Retreat is a good time to do some reading. I found a book that I hadn't read by one of my favorite writers, Rabbi Lawrence Kushner. The seven chapters bring us that wonderful Jewish midrash--seven different ways of reading the same biblical verse. In this case it's the Jacob's ladder story in Genesis 28 and in particular verse 16: "God was in this place and I, I did not know it," which is also the title of the book.
I love Kushner's writing and I love Jewish midrash, at least the little I've read of it, so this is perfect for this week. I'll be sharing tidbits from it for awhile. Here's the first one:
"Gershom Scholem, the master historian of Jewish mysticism who is not customarily on stage with American standup comedians like Abbott and Costello, nevertheless expressed this idea. He once told me that the ultimate question one can ask is not, What is the meaning of life? or even, Why am I here? but simply, Who? Like all questions, its syntax predetermines the range of possible answers. And the question, Who? is a request for either a name or a personal pronoun. The answer, in other words, must be personal. It must be a self.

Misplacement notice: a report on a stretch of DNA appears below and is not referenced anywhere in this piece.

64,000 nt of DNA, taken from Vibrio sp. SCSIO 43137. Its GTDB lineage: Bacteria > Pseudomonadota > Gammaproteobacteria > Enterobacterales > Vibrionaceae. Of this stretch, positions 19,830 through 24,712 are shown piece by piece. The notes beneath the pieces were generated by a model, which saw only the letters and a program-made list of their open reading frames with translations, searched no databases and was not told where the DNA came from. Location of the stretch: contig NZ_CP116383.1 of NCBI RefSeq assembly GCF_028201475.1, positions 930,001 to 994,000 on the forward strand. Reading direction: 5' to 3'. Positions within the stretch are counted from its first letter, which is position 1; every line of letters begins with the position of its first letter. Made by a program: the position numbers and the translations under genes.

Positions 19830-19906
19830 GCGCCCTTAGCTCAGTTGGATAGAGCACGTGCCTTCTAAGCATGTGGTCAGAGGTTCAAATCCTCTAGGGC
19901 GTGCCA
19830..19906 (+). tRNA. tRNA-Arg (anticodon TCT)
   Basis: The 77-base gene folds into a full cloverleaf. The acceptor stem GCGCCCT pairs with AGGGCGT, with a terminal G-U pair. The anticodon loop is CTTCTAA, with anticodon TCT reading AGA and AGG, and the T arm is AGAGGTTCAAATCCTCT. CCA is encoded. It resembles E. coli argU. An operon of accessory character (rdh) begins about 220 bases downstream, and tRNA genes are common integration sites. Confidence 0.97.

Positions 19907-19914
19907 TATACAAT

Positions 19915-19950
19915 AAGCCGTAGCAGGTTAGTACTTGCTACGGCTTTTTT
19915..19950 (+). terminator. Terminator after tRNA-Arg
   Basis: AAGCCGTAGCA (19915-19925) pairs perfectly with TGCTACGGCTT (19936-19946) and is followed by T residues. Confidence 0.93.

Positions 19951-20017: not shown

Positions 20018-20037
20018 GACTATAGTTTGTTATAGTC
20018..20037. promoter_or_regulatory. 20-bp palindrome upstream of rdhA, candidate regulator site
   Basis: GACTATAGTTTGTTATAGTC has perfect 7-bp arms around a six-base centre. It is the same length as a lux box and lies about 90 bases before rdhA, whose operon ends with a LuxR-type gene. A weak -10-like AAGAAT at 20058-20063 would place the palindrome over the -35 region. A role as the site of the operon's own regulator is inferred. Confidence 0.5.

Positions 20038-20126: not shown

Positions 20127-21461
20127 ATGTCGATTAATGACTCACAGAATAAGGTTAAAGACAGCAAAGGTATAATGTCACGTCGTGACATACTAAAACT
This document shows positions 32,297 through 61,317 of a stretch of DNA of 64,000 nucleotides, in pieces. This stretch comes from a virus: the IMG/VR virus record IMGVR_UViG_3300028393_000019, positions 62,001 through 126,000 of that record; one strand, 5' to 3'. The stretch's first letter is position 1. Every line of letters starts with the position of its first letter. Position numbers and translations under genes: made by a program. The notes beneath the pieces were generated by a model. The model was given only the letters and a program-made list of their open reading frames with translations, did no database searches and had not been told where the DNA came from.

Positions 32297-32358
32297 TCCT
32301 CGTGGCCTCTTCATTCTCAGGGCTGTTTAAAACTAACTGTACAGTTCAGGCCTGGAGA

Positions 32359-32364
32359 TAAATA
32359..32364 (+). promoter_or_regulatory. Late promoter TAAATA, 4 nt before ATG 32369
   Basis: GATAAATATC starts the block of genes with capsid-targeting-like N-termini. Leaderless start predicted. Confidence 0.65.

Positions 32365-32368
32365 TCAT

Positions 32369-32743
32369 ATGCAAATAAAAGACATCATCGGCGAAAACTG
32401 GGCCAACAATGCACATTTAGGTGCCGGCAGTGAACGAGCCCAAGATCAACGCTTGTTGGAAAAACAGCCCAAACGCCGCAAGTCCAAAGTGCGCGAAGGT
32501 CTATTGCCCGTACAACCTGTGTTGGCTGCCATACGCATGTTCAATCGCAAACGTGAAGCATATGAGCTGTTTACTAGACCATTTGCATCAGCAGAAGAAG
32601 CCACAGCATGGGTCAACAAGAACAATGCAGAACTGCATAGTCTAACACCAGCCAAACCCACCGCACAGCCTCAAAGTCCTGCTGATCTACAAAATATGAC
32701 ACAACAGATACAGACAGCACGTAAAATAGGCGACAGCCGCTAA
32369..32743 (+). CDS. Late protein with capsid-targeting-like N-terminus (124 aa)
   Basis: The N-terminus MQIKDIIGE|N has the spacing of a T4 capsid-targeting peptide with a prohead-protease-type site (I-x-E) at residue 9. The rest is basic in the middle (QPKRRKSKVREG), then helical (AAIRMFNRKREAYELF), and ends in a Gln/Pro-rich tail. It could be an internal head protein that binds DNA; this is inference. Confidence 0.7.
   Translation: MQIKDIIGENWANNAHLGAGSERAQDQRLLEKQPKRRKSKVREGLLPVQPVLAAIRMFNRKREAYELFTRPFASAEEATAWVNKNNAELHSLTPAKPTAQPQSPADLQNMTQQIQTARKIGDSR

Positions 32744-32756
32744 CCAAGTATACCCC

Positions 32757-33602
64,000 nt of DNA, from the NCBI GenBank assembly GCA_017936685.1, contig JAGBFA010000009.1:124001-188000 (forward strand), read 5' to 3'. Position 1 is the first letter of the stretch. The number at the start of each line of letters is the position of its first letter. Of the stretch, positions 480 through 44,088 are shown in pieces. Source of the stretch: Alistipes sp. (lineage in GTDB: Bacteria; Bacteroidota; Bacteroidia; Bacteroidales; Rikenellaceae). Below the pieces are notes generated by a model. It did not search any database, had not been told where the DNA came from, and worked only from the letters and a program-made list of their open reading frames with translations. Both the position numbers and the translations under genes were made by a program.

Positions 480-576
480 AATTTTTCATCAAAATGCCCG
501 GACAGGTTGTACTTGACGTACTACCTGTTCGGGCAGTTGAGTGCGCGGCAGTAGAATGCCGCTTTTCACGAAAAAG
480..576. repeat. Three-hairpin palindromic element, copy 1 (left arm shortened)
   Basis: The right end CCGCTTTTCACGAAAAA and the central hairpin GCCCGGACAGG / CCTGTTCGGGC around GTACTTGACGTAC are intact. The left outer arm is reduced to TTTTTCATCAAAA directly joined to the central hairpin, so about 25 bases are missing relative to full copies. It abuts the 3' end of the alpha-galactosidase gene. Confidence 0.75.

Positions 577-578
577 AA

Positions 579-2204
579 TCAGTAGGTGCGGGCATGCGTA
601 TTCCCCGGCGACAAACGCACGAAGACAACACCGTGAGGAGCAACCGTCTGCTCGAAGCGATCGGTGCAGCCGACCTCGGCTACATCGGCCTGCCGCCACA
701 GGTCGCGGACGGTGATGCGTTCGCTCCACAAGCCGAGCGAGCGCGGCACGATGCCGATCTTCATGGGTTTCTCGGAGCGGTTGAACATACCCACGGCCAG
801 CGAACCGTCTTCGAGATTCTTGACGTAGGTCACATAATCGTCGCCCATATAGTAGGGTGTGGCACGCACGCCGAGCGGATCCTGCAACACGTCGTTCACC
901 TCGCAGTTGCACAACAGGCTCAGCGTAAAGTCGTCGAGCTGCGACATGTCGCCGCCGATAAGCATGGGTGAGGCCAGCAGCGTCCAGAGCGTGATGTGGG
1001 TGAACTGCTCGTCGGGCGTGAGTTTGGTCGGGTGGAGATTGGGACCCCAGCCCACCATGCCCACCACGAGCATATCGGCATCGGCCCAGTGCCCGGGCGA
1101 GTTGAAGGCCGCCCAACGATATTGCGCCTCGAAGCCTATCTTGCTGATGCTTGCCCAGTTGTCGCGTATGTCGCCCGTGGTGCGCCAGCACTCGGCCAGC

Like the Zen monk who, after years of study, formulated what he thought was the ultimate question, Who am I? only to be surprised by the voice inside him that replied, Who is asking? You are looking for the one who is looking. In this sense, then, this tale is not so much a literary fantasy about the possible meanings of a biblical verse recorded centuries ago, but a journey into the "self" who is reading these words."
One of our tall processional crosses--this one by the St. John's Abbey oblate and liturgical consultant and designer, Frank Kacmarcik--as it is caught in the early morning sunlight from the clerestory. To read about this unique artist go to this article, page 4, written by one of our sisters.